Foot-and-mouth disease (FMD) is a highly infectious viral disease that affects cloven-hooved animals, including cattle, sheep and pigs.
FMD is endemic in various parts of the world, whilst others are FMD-free (e.g. Europe and North America) or working towards eradication (e.g. South America). Find out where the latest reported outbreaks are with this map.
FMD is caused by a virus (Family Picornaviridae) which frequently mutates and is grouped in 7 different and distinct serotypes1 – O, A, C, Asia1, SAT1, SAT2, and SAT3. These serotypes are not distributed evenly around the world, for instance the SAT serotypes rarely spread outside of Africa (SAT stands for Southern African Territories). In addition, serotype C has not been identified anywhere since 2004. 1Foot-and-mouth disease: past, present and future, SM Jamal, GJ Belsham, 2013, Vet Res 44, 116
The FMD virus is highly contagious, and animals usually become infected by inhaling the virus from the air or ingesting it with their food. There are differences between species in terms of the likely route of infection and the amount of virus needed to cause infection. For example, cattle are more likely to be infected by inhalation whereas pigs are more likely to be infected by ingestion. (Adapted from EuFMD Emergency Preparedness e-learning Course)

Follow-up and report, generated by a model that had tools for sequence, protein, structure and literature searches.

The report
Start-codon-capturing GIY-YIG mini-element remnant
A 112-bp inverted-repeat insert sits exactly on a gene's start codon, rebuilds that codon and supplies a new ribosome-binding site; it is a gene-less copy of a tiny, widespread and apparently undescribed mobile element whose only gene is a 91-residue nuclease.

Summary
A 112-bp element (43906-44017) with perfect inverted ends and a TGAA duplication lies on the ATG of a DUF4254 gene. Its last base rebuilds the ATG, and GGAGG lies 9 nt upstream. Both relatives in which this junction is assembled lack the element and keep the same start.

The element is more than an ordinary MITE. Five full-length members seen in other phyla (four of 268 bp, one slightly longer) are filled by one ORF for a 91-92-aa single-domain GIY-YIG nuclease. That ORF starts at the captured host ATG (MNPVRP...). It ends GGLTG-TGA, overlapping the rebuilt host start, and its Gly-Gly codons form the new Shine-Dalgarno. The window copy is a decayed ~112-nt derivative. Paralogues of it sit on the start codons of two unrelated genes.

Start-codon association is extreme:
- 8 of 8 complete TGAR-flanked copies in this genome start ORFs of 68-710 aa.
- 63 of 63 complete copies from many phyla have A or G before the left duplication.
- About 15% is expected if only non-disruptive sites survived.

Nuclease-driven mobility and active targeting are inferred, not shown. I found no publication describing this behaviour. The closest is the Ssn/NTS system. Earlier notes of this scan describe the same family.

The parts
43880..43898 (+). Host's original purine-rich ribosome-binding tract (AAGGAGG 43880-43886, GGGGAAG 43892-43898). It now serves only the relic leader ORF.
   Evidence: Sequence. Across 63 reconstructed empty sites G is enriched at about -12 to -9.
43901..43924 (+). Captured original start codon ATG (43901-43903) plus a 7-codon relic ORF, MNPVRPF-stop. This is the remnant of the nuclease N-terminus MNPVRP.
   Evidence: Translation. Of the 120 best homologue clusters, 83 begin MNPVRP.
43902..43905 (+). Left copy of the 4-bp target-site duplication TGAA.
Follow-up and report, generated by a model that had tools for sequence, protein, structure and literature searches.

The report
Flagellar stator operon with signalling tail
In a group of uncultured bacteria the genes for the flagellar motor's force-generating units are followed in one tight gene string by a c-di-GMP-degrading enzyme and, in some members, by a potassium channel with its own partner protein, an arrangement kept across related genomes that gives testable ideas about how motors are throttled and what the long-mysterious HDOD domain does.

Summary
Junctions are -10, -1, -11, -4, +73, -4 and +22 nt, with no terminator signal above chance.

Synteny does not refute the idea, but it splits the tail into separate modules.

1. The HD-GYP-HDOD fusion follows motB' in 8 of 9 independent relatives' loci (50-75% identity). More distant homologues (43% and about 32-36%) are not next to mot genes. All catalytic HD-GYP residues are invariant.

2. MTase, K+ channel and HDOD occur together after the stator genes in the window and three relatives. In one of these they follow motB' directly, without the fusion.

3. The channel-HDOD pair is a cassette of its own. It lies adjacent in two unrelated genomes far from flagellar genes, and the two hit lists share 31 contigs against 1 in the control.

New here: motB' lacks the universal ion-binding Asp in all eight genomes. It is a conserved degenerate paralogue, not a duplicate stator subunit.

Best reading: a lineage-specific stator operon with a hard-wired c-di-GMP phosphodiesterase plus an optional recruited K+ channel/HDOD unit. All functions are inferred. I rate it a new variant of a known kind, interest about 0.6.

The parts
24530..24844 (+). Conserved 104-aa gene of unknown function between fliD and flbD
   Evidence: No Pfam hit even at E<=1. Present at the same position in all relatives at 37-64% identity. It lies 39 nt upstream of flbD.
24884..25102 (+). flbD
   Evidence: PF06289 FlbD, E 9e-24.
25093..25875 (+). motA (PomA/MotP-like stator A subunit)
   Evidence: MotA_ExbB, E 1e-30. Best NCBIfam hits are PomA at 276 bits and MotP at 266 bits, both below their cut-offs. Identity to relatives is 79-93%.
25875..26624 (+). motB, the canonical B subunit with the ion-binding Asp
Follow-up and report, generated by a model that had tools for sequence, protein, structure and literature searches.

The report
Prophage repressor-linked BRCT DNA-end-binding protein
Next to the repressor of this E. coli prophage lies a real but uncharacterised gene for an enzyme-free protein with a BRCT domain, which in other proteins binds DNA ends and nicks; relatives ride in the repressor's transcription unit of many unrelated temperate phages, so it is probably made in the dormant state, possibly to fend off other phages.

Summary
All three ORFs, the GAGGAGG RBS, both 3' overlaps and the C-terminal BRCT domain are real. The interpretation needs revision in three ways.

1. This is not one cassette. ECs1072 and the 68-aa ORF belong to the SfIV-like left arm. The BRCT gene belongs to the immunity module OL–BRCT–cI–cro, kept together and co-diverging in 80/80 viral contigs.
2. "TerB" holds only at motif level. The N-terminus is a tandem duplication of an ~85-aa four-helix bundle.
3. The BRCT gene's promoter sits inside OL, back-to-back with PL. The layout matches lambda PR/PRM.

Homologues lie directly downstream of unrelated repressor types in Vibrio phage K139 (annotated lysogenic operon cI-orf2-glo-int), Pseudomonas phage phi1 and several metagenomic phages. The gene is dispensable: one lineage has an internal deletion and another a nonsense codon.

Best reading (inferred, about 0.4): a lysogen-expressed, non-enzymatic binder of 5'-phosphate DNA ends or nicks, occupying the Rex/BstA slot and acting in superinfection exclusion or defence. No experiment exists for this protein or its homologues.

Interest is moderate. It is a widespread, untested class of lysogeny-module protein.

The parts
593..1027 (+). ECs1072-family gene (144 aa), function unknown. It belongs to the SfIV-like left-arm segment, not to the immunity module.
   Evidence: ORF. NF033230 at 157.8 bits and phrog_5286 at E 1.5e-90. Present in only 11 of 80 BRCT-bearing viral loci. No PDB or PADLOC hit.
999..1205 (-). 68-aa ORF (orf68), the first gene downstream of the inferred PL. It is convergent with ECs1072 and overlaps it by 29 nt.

Vaccination is an important tool in the control of FMD. As the FMD virus is constantly evolving it is almost impossible to have a vaccine strain that has been developed from a current outbreak (it normally takes 6-18 months to develop new strains). Whilst infection with one serotype does not provide immunity against another serotype, by understanding the topotype and lineage of the outbreak it is possible to select a vaccine strain that is closely related and therefore much more likely to provide protection. This is further enhanced by choosing high potency vaccines, over 6PD50, as these generally provide better cross-protection. High quality vaccines should always be used.
FMD is a very painful disease that causes blisters and sores on feet, in the mouth and on teats. Other clinical signs include fever, depression, anorexia, lower milk production, salivation, lameness and abortion. There are differences in clinical signs between affected species.
As a viral disease, there is no specific and effective treatment for FMD-infected animals. Control and prevention methods, such as biosecurity, vaccination and movement restrictions are important.
Biosecurity is critical in the control and prevention of FMD. This is because the FMD virus is very contagious, which is because it is very persistent in the environment, only requires small amounts to infect animals, and is produced in large amounts by those that become infected. Prompt reporting of possible outbreaks and animal movement restrictions are also important in stopping the spread of FMD.